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Grass Turf Snow Recovery

The UK has seen unexpected heavy amounts of snow during winter time in recent years. If you want to keep your lawn looking healthy in the spring, preparation for snow is essential. If you live in an area commonly affected by snow, find out what types of turf will best stand up to the abuse of winter weather, visit our winter turf guide.

During heavy snowfall a large amount of weight is placed upon your lawn in a short space of time. The turf is also starved of the light that it needs to carry out photosynthesis, and it may become malnourished and brown. If your lawn is frequently walked on when it’s covered in snow, this can break down the cells in the grass and cause lasting damage.

 If the lawn is covered for an extended period of time, it’s also likely to suffer from snow mould. This occurs when a section of grass has been covered for an extended period of time under snow; the conditions make it perfect for the fungus to survive in these conditions. The result is an unsightly discolouration to the area affected.  You can find out more information about the affliction in our snow mould and patch lawn problems guide.

When the snow melts there is also a danger of the turf becoming waterlogged, which may remain for a while if the spring is wet or if the soil is too compacted. By making sure your soil is properly laid you can avoid this. We have a great range of garden turf to choose rfom and we even have a guide on how to lay turf rolls well to keep your lawn looking it's best.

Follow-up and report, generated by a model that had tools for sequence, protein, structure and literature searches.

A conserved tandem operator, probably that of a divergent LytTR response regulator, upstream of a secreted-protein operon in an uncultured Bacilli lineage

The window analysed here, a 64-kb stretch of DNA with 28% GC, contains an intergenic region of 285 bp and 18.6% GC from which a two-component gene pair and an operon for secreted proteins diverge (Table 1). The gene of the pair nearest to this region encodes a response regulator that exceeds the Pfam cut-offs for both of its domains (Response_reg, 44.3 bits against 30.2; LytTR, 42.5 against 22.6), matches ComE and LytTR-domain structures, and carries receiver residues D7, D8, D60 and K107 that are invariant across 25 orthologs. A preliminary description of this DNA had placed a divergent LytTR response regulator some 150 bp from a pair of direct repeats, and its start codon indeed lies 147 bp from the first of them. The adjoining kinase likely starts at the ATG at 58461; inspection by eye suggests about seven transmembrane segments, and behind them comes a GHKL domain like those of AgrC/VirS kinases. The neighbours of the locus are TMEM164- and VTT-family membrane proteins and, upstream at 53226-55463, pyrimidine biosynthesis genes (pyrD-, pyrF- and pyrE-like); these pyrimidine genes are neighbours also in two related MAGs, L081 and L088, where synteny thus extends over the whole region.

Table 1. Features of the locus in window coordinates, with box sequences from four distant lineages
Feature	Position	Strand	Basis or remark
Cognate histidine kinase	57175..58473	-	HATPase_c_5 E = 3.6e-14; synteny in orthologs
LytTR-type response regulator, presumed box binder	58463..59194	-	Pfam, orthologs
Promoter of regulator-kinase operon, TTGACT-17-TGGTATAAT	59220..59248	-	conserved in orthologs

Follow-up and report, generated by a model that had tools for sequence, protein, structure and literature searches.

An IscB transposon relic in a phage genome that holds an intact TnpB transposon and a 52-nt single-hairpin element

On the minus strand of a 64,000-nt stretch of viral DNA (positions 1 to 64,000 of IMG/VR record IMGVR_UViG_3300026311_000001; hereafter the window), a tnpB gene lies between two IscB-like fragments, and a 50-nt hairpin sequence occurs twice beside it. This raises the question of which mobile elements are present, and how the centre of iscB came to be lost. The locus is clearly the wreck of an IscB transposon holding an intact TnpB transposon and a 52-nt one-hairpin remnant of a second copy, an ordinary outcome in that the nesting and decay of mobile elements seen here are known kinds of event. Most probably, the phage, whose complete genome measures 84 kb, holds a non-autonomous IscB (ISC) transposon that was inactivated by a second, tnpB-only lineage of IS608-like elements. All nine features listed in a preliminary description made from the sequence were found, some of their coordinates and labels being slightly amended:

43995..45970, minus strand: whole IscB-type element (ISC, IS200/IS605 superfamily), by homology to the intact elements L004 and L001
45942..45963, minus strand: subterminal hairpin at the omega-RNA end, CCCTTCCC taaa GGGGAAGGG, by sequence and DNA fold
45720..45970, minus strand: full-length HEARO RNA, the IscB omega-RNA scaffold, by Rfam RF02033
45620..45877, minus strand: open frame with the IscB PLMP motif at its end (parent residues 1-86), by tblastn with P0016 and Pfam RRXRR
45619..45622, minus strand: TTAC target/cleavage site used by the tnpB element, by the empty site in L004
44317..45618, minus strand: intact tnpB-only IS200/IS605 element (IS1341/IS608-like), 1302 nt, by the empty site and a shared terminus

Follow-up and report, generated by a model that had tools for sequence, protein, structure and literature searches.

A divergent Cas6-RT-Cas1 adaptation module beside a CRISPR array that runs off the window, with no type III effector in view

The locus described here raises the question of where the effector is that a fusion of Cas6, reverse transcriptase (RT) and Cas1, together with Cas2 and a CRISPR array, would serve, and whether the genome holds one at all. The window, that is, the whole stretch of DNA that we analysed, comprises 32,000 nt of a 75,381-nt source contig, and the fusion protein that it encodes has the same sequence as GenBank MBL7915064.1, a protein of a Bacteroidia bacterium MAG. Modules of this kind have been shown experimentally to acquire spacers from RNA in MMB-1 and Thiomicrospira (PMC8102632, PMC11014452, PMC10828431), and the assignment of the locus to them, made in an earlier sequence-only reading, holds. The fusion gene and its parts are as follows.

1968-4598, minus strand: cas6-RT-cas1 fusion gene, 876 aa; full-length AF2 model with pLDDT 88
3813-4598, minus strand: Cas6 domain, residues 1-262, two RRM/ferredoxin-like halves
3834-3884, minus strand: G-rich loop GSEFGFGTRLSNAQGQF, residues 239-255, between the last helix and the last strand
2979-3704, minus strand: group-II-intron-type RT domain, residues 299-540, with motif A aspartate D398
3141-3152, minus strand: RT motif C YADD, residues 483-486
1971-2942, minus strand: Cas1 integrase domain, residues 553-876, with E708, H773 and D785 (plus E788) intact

In order to prevent this from affecting your lawn, the best cause of action is to prepare it for cold weather in the autumn season. This is essential if you want to have a healthy green lawn in the spring. As the temperatures begin to cool in the autumn, lessen the amount that you mow the lawn (which should be growing at a slower rate anyway).

Reduce your mowing height and rake any dead leaves and plant material off as they fall (decaying leaves and plant matter are likely to develop moulds and fungi that will be very damaging to your lawn’s health. While your grass is clear, make sure you re seed any weak or dead areas of grass, and make sure any excess water is drained.

You have a few options when dealing with snow mould, you can use fungicides both before and after the mould occurs, but if you want to keep your lawn free from chemicals you can simply wait until the grass grows out and renews itself. You can speed up the process by raking, or alternatively you can replace the affected area with a new patch of turf.  For more information on winter care and maintenance, visit our winter lawn care guide.  

Fighting Moss on your Garden Turf
Mowing your Garden Turf
 

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Monday, 21 January 2019
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